Tony Clubb's EIGHT match ban for using racist remark
Wigan prop Tony Clubb has been handed an eight match ban by a rugby league disciplinary hearing.
He faced a Grade F charge of “unacceptable language/abuse based on national or ethnic origin", and was found guilty by the independent operational rules tribunal.
The tribunal, chaired by His Honour Judge Guy Kearl QC, considered submissions from both players and clubs, the match official’s report, broadcast footage and character references.
In his judgement, which will be published in full on the RFL website, HHJ Kearl said: "“We have considered the evidence of both players and the circumstances surrounding the allegation and find that we are reasonably satisfied, taking into account the seriousness of the charge, that the words were said, albeit in the heat of the moment, but nevertheless were said.
“They do constitute unacceptable language based on [a player’s] racial and ethnic origin and therefore we find that this was serious misconduct which has brought the game into disrepute.
“On the other hand we have considered the character references placed before us by Wigan Warriors from those who know (Tony Clubb) well at the club. We do not find that he is a racist, simply that on this occasion he used unacceptable language in the heat of the moment.
“We have therefore reduced the penalty to take account of his character and good disciplinary record to a suspension for eight matches and a £500 fine.”
Veteran prop Clubb will now be sidelined until July.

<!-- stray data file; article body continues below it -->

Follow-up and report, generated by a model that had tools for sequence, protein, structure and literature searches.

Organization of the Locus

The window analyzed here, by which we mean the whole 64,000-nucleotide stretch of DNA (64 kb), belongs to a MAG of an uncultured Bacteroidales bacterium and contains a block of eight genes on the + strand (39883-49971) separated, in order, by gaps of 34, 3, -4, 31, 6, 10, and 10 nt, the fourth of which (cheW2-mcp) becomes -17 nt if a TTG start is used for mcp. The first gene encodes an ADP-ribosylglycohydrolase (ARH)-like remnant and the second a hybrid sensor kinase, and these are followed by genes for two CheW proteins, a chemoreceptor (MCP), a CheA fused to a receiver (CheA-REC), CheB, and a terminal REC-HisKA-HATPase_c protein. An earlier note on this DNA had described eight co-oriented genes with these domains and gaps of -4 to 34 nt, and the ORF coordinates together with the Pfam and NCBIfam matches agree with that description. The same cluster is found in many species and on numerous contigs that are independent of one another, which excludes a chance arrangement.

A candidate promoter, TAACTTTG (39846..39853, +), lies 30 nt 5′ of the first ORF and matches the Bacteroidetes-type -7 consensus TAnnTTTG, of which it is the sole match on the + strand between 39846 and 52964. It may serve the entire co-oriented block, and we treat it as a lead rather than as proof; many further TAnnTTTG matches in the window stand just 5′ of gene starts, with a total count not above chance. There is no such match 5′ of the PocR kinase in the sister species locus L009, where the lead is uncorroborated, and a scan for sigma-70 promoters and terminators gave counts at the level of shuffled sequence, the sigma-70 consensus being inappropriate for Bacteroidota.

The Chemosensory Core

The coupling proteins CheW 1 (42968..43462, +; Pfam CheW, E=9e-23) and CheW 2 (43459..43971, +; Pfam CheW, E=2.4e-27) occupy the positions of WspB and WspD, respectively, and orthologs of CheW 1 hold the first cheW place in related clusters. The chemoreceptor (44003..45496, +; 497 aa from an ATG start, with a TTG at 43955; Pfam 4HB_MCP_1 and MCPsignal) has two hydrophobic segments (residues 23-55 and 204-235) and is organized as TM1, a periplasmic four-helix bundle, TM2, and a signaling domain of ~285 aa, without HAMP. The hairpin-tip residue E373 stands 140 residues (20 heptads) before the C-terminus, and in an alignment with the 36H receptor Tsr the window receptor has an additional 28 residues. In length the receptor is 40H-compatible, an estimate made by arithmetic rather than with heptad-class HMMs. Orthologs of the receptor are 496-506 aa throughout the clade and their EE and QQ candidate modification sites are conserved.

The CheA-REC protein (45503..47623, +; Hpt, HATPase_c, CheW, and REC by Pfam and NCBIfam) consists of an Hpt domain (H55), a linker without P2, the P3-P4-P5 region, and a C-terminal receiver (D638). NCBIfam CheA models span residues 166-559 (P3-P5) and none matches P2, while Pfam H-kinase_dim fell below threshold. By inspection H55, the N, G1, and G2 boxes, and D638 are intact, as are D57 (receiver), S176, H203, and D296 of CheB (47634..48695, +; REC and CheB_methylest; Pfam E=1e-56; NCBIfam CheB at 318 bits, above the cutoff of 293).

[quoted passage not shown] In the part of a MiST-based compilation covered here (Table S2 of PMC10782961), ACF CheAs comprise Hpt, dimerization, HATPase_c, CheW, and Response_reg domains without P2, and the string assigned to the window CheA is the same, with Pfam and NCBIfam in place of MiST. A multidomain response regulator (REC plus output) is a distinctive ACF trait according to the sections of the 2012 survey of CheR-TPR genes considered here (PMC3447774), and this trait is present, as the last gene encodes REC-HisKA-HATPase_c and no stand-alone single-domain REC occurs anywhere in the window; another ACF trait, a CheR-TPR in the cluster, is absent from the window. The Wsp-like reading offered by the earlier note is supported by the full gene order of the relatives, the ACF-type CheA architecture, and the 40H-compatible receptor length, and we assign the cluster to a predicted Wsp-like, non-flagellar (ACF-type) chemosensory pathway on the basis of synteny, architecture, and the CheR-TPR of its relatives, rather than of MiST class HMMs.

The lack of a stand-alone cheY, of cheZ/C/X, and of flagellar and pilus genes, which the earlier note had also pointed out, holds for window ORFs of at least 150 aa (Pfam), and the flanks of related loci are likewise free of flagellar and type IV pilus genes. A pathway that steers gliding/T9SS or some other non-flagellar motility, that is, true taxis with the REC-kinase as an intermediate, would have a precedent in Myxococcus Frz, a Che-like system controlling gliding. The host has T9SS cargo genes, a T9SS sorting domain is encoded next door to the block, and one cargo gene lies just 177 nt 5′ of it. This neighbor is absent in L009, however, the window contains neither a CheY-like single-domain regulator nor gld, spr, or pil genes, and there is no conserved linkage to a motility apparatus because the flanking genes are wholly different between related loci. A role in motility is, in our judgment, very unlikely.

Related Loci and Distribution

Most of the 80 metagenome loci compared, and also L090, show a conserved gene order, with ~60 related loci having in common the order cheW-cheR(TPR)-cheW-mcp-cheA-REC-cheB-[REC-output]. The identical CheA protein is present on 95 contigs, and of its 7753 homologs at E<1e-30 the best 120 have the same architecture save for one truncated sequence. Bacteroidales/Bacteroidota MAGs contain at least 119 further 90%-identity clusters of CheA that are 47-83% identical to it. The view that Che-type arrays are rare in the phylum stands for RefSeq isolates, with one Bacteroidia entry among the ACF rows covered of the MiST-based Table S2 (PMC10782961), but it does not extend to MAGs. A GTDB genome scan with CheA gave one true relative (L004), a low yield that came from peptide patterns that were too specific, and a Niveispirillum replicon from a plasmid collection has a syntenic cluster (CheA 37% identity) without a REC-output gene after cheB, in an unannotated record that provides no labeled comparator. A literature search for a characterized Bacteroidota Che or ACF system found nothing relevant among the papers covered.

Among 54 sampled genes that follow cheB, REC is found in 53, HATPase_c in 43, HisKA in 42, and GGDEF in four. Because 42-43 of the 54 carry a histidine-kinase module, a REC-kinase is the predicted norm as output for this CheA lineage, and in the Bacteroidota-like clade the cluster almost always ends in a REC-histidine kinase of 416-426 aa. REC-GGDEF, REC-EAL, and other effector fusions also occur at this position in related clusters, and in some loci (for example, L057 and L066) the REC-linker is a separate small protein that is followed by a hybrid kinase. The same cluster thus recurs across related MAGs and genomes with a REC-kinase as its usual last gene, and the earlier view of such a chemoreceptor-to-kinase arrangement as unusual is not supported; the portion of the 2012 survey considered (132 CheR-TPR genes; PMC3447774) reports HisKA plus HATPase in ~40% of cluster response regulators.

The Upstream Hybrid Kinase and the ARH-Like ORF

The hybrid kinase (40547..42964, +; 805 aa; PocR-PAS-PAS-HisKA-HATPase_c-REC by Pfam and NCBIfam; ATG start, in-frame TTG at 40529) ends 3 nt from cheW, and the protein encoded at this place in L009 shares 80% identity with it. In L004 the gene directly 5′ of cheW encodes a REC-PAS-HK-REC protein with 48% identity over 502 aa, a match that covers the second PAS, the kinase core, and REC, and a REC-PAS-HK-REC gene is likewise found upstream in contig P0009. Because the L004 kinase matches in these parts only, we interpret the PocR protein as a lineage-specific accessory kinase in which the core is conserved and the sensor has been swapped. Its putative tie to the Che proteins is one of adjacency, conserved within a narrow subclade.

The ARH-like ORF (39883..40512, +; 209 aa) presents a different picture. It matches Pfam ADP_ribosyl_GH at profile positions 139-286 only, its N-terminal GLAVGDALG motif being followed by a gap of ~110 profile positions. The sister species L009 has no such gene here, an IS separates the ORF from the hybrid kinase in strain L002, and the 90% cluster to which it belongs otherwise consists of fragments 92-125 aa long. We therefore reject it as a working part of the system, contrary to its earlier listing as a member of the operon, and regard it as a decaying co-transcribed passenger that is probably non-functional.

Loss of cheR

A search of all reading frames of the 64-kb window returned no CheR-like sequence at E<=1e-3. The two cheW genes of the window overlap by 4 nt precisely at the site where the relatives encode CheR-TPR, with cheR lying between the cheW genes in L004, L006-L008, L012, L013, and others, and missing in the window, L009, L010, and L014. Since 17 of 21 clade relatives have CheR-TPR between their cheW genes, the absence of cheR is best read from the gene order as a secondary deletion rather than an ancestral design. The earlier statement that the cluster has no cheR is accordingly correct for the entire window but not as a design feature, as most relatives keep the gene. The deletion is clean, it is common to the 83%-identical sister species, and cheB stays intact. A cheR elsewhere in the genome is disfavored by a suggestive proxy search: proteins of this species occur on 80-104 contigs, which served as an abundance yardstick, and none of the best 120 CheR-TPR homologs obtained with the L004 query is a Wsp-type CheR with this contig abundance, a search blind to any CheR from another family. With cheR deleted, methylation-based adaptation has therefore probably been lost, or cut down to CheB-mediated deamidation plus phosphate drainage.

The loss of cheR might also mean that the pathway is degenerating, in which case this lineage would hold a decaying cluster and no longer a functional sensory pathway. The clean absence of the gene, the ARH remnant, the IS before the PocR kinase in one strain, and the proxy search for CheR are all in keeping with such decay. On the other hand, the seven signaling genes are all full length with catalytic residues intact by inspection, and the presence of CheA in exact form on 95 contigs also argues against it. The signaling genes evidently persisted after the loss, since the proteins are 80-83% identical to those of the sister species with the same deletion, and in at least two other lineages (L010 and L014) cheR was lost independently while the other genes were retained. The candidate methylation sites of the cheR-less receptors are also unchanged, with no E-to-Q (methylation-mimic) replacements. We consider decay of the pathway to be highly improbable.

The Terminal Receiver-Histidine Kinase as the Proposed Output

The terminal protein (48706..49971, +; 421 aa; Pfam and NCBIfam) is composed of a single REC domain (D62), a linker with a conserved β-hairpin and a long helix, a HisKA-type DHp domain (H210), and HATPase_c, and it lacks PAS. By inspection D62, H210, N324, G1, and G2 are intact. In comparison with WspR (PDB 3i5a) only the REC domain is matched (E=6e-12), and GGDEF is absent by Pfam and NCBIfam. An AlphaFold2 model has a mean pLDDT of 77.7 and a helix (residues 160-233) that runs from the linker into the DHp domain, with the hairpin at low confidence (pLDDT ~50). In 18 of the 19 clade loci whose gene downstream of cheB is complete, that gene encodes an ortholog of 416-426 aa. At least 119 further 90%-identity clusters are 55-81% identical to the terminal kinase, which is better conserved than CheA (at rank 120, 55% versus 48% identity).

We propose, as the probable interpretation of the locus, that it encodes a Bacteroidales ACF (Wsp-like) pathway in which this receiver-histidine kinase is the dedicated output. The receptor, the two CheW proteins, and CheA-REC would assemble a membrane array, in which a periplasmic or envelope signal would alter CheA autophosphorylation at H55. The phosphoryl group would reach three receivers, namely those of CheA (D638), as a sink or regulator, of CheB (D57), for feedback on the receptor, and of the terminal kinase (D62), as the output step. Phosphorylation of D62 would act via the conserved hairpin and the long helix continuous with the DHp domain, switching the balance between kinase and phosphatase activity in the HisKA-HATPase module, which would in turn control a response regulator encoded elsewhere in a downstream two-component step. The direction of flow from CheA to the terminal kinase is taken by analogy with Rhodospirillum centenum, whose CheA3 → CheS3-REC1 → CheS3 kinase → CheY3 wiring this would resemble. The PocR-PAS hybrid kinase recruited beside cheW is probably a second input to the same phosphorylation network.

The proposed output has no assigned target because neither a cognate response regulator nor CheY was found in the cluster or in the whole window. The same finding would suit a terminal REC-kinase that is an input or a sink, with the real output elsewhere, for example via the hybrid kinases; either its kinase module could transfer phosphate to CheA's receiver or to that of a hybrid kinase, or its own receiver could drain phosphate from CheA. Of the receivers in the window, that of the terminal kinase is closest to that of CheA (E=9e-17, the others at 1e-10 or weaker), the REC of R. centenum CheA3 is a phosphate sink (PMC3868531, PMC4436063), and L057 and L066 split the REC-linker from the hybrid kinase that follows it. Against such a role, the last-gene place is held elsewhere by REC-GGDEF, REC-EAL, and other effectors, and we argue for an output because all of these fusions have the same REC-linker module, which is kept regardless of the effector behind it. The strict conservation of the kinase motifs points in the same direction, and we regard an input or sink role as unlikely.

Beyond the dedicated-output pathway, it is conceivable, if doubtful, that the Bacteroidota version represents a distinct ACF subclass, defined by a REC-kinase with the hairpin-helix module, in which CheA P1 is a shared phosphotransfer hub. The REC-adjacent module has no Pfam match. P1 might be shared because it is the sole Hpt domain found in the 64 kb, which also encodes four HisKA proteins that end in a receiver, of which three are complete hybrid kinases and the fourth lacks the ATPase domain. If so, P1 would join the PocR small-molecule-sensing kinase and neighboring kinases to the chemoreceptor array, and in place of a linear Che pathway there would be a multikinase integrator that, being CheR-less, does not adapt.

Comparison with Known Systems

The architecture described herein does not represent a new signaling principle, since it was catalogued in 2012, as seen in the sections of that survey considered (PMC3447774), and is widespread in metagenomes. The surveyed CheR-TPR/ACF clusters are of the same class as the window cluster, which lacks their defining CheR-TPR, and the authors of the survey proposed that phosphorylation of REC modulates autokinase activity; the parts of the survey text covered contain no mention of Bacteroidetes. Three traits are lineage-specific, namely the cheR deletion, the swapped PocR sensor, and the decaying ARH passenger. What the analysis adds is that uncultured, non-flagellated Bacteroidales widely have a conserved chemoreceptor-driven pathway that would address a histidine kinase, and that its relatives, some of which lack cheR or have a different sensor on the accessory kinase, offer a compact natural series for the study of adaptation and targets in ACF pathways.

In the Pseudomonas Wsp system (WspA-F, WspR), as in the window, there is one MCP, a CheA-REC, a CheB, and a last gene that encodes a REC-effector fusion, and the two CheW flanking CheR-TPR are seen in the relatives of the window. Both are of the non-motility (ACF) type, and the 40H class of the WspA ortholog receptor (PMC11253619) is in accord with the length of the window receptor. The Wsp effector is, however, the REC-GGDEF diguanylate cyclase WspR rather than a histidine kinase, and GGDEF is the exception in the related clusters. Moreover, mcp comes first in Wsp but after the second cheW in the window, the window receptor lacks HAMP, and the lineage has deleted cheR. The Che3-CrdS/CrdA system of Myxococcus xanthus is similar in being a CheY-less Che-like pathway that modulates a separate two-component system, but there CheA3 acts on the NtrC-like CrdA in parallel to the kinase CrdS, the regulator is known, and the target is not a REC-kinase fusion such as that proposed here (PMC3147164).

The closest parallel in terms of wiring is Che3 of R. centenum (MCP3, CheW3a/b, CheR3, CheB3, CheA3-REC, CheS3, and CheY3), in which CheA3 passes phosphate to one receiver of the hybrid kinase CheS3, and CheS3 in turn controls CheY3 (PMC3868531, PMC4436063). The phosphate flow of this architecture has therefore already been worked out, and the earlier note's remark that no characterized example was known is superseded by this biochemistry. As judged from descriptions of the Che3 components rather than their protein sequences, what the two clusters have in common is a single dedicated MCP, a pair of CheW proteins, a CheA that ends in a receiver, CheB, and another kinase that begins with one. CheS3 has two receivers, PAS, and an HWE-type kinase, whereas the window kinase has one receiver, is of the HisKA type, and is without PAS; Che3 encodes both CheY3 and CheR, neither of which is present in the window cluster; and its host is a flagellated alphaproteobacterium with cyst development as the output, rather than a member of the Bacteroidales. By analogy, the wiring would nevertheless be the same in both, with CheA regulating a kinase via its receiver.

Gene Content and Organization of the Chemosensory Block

He had been placed on report after Hull FC's Andre Savelio made the complaint to referee James Child during Thursday's Super League match, which Wigan won 16-14.
Savelio later claimed on Twitter he was called a "stupid Polynesian ****".
Wigan, who face Hull FC in a Challenge Cup tie on Saturday, decided to stand the prop down while an investigation took place.
The RFL's match review panel scrutinised the Sky Sports footage and audio on Monday decided to charge Clubb with the most serious offence, Grade F, which carries a suspension range of at least eight weeks, and with no upper ceiling.
The Tribunal is chaired by a serving or retired judge, and two side members who are two ex-players. The tribunal upheld the one-match bans which had been imposed on the Hull players Jake Connor and Brad Fash at Monday’s meeting of the Match Review Panel, for a Grade B high tackle and Grade B dangerous contact respectably.
Neither appeal was ruled to be frivolous, so no further punishment was imposed.